last thing to be installed before the ship was towed to its station. The tide was out at the time and the Comet was high and dry on the harbour bottom. The tide in Guernsey runs thirty or more feet and, while we had to
use a ladder to get on board in the morning, by the time we finished for the day we were able to step down on to the dock with a gangplank.
We went on board and made our way to the old Captain's sleeping quarters, a room about twelve feet by fifteen, with a beautiful old repeater compass mounted upside-down on the ceiling. My first comment was that the
equipment wouldn't fit into the space available. This suggestion was rejected by John, who reminded me that the room had been carefully measured before-hand, and the sound console built to fit exactly. I asked if the
room had been measured before or after the walls had been lined with acoustic tiles? A tape measure was quickly produced and, sure enough, the room came up two inches short!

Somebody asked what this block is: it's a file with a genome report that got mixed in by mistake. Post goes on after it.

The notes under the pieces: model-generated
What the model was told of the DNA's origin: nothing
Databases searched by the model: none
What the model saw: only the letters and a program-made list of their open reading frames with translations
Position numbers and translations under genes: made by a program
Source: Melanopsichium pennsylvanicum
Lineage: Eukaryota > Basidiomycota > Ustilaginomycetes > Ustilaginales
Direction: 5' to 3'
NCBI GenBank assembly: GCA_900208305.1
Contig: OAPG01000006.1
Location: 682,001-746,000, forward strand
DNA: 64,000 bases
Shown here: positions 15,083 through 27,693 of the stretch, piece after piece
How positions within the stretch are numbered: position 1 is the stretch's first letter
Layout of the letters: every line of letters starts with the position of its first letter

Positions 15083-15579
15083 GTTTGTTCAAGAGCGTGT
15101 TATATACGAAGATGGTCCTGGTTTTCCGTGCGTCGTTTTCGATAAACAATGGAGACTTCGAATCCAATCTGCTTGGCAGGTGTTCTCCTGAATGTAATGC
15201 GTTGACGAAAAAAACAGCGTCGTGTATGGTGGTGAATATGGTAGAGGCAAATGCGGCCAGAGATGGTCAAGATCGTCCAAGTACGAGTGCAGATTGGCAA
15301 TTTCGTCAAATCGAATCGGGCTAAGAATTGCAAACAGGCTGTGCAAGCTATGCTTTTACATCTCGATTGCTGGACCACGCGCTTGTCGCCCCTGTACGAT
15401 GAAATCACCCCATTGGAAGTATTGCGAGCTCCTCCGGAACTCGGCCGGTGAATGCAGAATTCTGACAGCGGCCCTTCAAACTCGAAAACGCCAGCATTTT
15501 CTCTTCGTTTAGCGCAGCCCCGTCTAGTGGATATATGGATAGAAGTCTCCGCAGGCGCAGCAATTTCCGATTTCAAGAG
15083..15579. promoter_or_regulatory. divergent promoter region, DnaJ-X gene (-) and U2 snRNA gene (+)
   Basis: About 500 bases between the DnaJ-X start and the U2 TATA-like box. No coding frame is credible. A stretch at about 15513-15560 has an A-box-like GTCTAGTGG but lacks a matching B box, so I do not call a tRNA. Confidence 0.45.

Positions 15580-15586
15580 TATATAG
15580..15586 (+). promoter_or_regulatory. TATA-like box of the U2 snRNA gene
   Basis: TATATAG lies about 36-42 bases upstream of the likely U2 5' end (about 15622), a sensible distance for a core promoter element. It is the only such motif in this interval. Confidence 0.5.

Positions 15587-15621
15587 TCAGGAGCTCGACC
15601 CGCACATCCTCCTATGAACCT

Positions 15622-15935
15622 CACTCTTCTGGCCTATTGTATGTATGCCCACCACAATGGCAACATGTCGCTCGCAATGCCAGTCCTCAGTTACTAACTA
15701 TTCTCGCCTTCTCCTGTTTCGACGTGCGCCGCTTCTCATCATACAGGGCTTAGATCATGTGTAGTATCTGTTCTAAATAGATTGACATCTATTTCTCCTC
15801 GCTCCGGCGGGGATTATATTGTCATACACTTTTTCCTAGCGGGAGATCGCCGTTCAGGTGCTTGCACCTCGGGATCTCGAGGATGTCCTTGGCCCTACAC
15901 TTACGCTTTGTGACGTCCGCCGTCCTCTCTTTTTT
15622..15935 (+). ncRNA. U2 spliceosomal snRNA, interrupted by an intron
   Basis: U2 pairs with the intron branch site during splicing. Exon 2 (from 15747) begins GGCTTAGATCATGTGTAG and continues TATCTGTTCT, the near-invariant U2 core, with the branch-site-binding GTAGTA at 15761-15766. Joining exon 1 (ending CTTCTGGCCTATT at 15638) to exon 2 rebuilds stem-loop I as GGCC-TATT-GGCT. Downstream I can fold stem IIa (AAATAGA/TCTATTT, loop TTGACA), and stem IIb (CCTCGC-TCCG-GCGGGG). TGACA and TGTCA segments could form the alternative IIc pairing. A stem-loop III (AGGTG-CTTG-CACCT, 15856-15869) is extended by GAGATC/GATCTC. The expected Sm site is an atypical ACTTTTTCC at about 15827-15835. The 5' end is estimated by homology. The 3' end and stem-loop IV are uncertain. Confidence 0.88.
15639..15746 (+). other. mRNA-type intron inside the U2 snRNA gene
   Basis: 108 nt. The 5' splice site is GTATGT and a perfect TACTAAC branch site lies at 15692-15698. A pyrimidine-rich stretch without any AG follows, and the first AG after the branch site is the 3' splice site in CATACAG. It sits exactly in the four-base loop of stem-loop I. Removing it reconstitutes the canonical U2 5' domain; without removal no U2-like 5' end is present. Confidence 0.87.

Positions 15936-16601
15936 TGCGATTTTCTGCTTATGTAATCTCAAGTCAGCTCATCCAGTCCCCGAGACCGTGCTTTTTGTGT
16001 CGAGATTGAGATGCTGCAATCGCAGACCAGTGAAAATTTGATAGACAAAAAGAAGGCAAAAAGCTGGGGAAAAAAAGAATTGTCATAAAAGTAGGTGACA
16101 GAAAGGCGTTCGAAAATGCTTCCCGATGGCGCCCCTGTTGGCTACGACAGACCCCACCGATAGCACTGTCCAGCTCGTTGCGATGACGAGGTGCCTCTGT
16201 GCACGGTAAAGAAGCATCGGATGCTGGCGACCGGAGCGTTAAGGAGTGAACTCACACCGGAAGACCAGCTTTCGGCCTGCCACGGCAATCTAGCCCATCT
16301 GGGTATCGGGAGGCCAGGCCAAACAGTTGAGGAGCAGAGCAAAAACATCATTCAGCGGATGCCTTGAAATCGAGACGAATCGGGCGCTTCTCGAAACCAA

Installing the transmitter. Photo kindly provided by Tony.
As well as the removal of the tiles, a wood and glass partition, which had been built across the end of the room, would also have to be torn out and reconstructed before the
sound desk could be lowered into the room. Meanwhile the gimballed turntable stand had been lowered into the room through the skylight. It was a wonderful piece of engineering, constructed from heavy alloy ‘U’
channel frames, mounted on ball bearing pivots. The inside frame supported the deck which contained two transcription turntables with SME pickup arms. These lightweight arms would probably need to be weighted with coins